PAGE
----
Lecture notesThere is no textbook. Learning materials consist of (a) video-recording of lectures; (b) lecture presentations; and (c) exercise task documents that allow independent work.
LiteratureLiterature consist of collections from standard hydrological textbooks and research papers, collected by the instructors on the course moodle page.
Prerequisites / NoticeBasic Hydrology in Bachelor Studies (engineering, environmental sciences, earth sciences). Basic knowledge of Matlab (Python), ArcGIS (Q-GIS).
102-0468-00LWatershed Modelling Information O3 credits2GP. Molnar
AbstractIntroduction to watershed modelling with applications of GIS in hydrology, the use of semi- and fully-distributed continuous watershed models, and their calibration and validation. The course contains substantive practical modelling experience in several assignments.
ObjectiveWatershed Modelling is a course in the Master of Science in Environmental Engineering Programme. It is a practical course in which the students learn to (a) use GIS in hydrological applications, (b) calibrate and validate models, (c) apply and interpret semi- and fully- distributed continuous watershed models, and (d) discuss several modelling case studies. This course is a follow up of Hydrology 2 and requires solid computer skills.
Content- Introduction to watershed modelling
- GIS in watershed modelling (ArcGIS exercise)
- Calibration and validation of models
- Semi-distributed modelling with PRMS (model description, application)
- Distributed watershed modelling with TOPKAPI (model description, application)
- Modelling applications and case studies (climate change scenarios, land use change, basin erosion)
Literature- Lecture presentations
- Exercise documentation
- Relevant scientific papers
all posted on the course website
Prerequisites / Notice102-0468-00 Watershed Modelling (3CP) and 102-0237-00 Hydrology II (3CP) for the last time in HS20 and only for students in exceptional cases.
Major Water Resources Management
Flow and Transport
NumberTitleTypeECTSHoursLecturers
101-0267-01LNumerical HydraulicsO3 credits2GM. Holzner
AbstractIn the course Numerical Hydraulics the basics of numerical modelling of flows are presented.
ObjectiveThe goal of the course is to develop the understanding of the students for numerical simulation of flows to an extent that they can later use commercial software in a responsible and critical way.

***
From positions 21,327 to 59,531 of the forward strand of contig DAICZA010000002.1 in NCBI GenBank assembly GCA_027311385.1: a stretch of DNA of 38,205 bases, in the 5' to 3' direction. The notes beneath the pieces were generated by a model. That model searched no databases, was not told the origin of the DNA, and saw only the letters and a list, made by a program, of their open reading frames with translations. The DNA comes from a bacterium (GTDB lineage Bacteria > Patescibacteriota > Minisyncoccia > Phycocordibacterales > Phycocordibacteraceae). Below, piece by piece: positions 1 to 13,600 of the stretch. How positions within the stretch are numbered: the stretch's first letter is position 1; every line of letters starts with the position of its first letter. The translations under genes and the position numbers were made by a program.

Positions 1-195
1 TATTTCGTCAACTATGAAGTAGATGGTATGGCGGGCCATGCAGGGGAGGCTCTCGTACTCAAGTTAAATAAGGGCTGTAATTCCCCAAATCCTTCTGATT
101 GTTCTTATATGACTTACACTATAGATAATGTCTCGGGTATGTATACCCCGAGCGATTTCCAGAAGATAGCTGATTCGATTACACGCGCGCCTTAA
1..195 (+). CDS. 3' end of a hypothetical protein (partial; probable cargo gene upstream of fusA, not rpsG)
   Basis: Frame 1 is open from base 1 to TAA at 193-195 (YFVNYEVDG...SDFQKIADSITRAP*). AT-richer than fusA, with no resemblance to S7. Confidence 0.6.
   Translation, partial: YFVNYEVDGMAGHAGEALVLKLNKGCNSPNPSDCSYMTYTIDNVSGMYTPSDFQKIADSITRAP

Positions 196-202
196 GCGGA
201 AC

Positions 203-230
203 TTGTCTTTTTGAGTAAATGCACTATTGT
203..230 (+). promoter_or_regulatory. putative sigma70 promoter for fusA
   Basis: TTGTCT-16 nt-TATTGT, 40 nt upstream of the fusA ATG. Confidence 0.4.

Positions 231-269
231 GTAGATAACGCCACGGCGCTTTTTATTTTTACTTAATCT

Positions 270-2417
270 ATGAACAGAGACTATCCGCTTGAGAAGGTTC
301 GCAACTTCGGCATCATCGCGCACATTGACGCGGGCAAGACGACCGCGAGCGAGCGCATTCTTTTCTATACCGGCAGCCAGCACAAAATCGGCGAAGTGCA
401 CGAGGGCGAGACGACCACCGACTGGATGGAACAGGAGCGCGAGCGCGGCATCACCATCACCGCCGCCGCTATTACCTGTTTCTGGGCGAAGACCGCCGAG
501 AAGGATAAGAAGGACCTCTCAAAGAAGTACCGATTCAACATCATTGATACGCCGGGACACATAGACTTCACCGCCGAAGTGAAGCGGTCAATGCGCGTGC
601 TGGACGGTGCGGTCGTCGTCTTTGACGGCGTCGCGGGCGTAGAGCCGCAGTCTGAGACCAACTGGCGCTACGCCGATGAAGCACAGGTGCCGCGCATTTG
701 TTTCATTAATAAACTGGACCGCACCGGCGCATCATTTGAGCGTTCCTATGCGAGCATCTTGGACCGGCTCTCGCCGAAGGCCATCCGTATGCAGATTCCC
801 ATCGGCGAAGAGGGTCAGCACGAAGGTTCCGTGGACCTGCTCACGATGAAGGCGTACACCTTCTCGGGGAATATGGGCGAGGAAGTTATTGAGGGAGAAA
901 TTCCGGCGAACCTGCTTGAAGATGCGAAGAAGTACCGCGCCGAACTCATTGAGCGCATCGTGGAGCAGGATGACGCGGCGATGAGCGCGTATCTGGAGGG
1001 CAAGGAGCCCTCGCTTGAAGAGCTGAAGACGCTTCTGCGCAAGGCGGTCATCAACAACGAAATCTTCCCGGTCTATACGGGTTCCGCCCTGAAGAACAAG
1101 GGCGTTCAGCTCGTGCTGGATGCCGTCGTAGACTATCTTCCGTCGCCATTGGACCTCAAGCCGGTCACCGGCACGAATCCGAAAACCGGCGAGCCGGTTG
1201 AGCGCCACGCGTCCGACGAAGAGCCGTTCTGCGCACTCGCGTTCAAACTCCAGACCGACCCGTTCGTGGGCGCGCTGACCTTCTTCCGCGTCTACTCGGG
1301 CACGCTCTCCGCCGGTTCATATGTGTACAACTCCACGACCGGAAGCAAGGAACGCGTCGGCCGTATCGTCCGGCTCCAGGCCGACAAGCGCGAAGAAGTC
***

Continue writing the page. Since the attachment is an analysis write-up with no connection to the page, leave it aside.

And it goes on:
ContentThe basic equations are derived from first principles. Possible simplifications relevant for practical problems are shown and their applicability is discussed. Using the example of non-steady state pipe flow numerical methods such as the method of characteristics and finite difference methods are introduced. The finite volume method as well as the method of characteristics are used for the solution of the shallow water equations. Special aspects such as wave propagation and turbulence modelling are also treated.

All methods discussed are applied pratically in exercises. This is done using programs in MATLAB which partially are programmed by the students themselves. Further, some generelly available softwares such as BASEMENT for non-steady shallow water flows are used.
Lecture notesLecture notes, powerpoints shown in the lecture and programs used can be downloaded. They are also available in German.
LiteratureGiven in lecture
102-0259-00LEcohydraulics and Habitat ModellingO3 credits2GR. Stocker, K.‑D. Jorde, L. G. Martins da Silva, A. Siviglia
AbstractAt a time in which humans have significantly affected the natural environment and yet society increasingly values the many services of natural ecosystems, accounting for ecological processes in engineering design is a major contemporary challenge for environmental and civil engineers.
ObjectiveThis is the fundamental topic in ecohydraulics, the discipline that focuses on the consequences of fluid flow and related physical processes on the organisms that inhabit aquatic environments. While still a young science, ecohydraulics already endows the engineer with an overall understanding and quantitative tools to predict how physical processes shape habitat quality and quantity, enabling the analysis of different management options for natural and man-made water bodies in terms of their ecosystem consequences.
ContentThis class will take a broad view of ecohydraulics and introduce students to key concepts in aquatic habitat modeling. Recognizing that an ecosystem is composed of diverse organisms with different seasonal habitat requirements across a range of scales, the class will focus on multiple representative groups of organisms, including fish, macroinvertebrates, plankton, and vegetation. The lectures will build on the students' knowledge of hydraulics, to give them both an appreciation for the dependence of organisms on their physical environment and a set of quantitative modeling approaches that they can take with them into engineering practice, in fields ranging from hydropower development and upgrade, to reservoir operation, river restoration, flood protection, water management and beyond. At the broadest scale, this class will contribute to the students' appreciation of the tight link between the natural and the built or impacted environment, and of the imperatives of considering both in the design process.